Tuesday, 3 April 2012

Southwest Ham for Easter! Also Easter Basket making!












 Hatching eggs remind people of newborn or reborn life and rabbits are prolific breeders especially in the spring. Because Christians are supposed to observe Lent before Easter and can't eat eggs or meat, you can see why these two would become important foods when Lent is ended.
Decorating Easter eggs dates to Medieval Europe; so does egg rolling. In America, dyed and decorated Easter eggs were brought by Germans in the later 18th and 19th centuries, especially Pennsylvania Dutch. They became popular during the 19th century as Easter celebrations became more focused on children-it's fun. Other ethic groups, Greeks for instance, use red-that's as old as the Neolithic and blood means new life.
Hiding and hunting eggs might mean hunting for a suitable mate, but more likely comes from rural traditions when people would have to find eggs laid in fields and hedges by chickens and other birds. It also means hunting rabbits. This, too, became a children's game (that's happened to lots of our holiday customs-like Halloween).
Eggs are a big part of Easter foods, whether eaten alone or in all the fancy baked breads of the season.
If Jesus ate meat at the Last Supper, it would have been lamb. Jewish Passover traditions call for lamb, and so do most European traditions. But, in north Europe pigs, were always important. Hams, from pigs slaughtered in the winter, then salted and smoked were ready to eat in the spring-before fresh meats were available. This is especially true in North America where lamb was never an important meat.

Because I am living in the southwest in the Winter, I am offering a Southwest spin on our Easter Ham this year.

Jalapeno-Pomegranite Glazed Ham
adapted from Akasha Richmond

1 7 pound, bone in, spiral cut smoked ham
1 c. chicken stock (homemade or Swanson)
1 10 ounce jar jalapeno jelly spicy
1 c. sweetened pomegranite juice
2 T. Dijon mustard
1/4 tsp. ground cinnamon
1/4 tsp. ground ginger

Preheat oven to 325 F. Place ham in a large roasting pan and add the chicken stock.

In a medium saucepan, bring the jalapeno jelly, pomegranite jusice and lemon juice to a boil. Simmer over moderate heat until slightly thickened, 10 minutes. Whisk in the mustard, cinnamon and ginger and simmer until reduced to about 1 1/4 Cups, about 5 minutes.

Drizzle half of the glaze over the ham and cover with foil. Roast for 1 1/2 hours, basting frequently, until a thermometer inserted in the thickest part of the ham registers 125 F.

Remove the foil and brush the ham with any remaining glaze. Roast for 30 minutes longer, until the top is lightly caramelized. Transfer to a platter. Pour the pan juices into a bowl and serve with the ham.

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How to make a cute Easter Basket
Read all instructions first! This is a 30-45 minute project, if you have all your supplies.


 Choose a Easter basket can be anything except plastic (we are using a glue gun to attach embellishment).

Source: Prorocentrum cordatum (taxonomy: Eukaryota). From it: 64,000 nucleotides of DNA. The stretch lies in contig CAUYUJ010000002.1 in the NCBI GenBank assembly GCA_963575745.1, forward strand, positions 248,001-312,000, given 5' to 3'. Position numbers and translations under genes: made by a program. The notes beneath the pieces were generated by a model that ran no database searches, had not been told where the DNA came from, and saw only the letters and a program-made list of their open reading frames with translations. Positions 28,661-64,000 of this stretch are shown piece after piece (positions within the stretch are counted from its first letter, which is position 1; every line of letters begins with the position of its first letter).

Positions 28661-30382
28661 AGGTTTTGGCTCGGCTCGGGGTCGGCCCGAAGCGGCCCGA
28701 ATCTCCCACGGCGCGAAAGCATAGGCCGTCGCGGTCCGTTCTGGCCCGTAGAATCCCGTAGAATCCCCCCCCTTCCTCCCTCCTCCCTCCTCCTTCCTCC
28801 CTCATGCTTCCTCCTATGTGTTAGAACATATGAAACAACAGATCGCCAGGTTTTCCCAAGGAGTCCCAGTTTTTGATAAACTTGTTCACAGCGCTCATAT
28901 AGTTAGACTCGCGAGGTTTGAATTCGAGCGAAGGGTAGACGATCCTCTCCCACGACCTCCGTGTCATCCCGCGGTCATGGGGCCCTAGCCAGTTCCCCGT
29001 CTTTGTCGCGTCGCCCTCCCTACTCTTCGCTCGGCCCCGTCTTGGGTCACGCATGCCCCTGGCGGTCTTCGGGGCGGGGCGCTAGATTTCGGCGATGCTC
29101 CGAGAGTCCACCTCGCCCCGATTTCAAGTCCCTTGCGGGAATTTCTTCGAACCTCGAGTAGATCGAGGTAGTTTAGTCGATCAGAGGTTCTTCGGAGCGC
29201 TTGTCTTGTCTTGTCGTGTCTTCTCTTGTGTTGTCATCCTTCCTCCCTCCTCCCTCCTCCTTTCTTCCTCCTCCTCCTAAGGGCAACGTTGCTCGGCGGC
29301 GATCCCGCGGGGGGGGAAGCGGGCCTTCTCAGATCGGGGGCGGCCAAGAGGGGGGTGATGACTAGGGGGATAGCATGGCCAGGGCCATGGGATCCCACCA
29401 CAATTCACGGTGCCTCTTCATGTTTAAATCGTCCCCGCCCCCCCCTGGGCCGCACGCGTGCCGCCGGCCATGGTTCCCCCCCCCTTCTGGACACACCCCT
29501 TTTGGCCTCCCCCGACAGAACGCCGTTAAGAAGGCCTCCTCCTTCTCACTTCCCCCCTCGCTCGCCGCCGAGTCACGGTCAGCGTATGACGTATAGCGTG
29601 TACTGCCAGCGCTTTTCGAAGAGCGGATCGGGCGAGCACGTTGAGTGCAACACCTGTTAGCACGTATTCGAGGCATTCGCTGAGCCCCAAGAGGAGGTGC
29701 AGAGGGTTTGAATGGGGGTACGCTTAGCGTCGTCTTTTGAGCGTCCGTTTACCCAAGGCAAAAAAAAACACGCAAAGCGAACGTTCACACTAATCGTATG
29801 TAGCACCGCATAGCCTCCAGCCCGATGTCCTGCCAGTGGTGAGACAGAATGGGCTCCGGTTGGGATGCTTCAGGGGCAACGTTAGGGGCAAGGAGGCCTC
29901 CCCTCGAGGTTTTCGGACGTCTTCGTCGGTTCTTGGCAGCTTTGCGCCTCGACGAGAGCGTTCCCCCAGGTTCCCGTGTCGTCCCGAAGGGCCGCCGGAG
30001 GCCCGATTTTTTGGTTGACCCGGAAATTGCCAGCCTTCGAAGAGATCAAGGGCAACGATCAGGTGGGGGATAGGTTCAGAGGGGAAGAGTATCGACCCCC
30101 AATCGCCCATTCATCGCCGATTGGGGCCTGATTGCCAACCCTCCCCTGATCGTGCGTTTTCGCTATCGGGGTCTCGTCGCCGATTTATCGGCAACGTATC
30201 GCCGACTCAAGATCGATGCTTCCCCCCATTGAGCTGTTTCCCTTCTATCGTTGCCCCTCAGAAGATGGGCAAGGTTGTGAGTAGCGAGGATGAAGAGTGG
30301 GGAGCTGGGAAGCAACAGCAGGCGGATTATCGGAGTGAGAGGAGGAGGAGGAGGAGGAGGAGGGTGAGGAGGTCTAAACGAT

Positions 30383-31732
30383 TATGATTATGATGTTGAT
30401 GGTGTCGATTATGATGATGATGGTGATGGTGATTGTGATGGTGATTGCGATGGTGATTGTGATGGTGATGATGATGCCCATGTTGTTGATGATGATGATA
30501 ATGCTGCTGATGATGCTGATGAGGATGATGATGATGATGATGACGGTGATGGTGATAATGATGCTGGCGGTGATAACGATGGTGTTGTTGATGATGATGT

I am making Easter baskets, for my grandchildren. Choose a fabric that coordinates with what the child is wearing or just a pretty Spring color. When my two boys and two girls were growing up, I made the boys baskets with little sailboat fabric or ducky fabric. Cut the width of the fabric the measurement from the top of the basket to the bottom of the basket, plus 5"-6". The length should be double the perimeter of the basket.

This isn't the best picture, but, baste (long stitch on sewing machine) the fabric over, making a hem, about 2 1/2". This can vary, depending on how wide you want the ruffle to stand above the basket. Adjust the width that you cut your fabric if you want the ruffle wider.

Now you should be able to easily pull two of the threads from one side of the basting and make the fabric gather. Gather and check the length with the perimeter of the basket. It needs to fit around the basket and have some to lap over.

Now fit the wrong side out and use the glue gun to attach the ruffle to the rim. Let the fabric hang into the bowl of the basket.
*Note that if your basting breaks, it can be ruffled with the glue gun and sort of pushing the fabric, where it is going to be attached. It may take more glue, but, it can be done.

 The bottom is made by cutting a piece of cardboard the perimeter if the bottom of the basket/vessel, cut fabric 1" larger (doesn't need to be perfect) than that and glue to cardboard.

You then fit the cardboard bottom into the basket!

 Next, the fun of adding a personal touch!
Add adornments with a glue gun. Buttons, toile, ribbon, silk flowers, little toys...let your imagination go wild!
Easy squeezy lemon cheesy! You are done! You can attached some beautiful ribbons you may have in your drawer, or have purchased. Some silk flowers or anything to the handle. Grandma and Grandpa can fill with Easter candy!!




4 comments:

  1. Julia's pink Easter basket is adorable. Matches her Easter outfit perfectly. Thank you so much!!

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  2. Adorable! Jill

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    Replies
    1. Thanks Jill! they all turn out so cute! I think the parents like them as much as the children! Cheers! JJ

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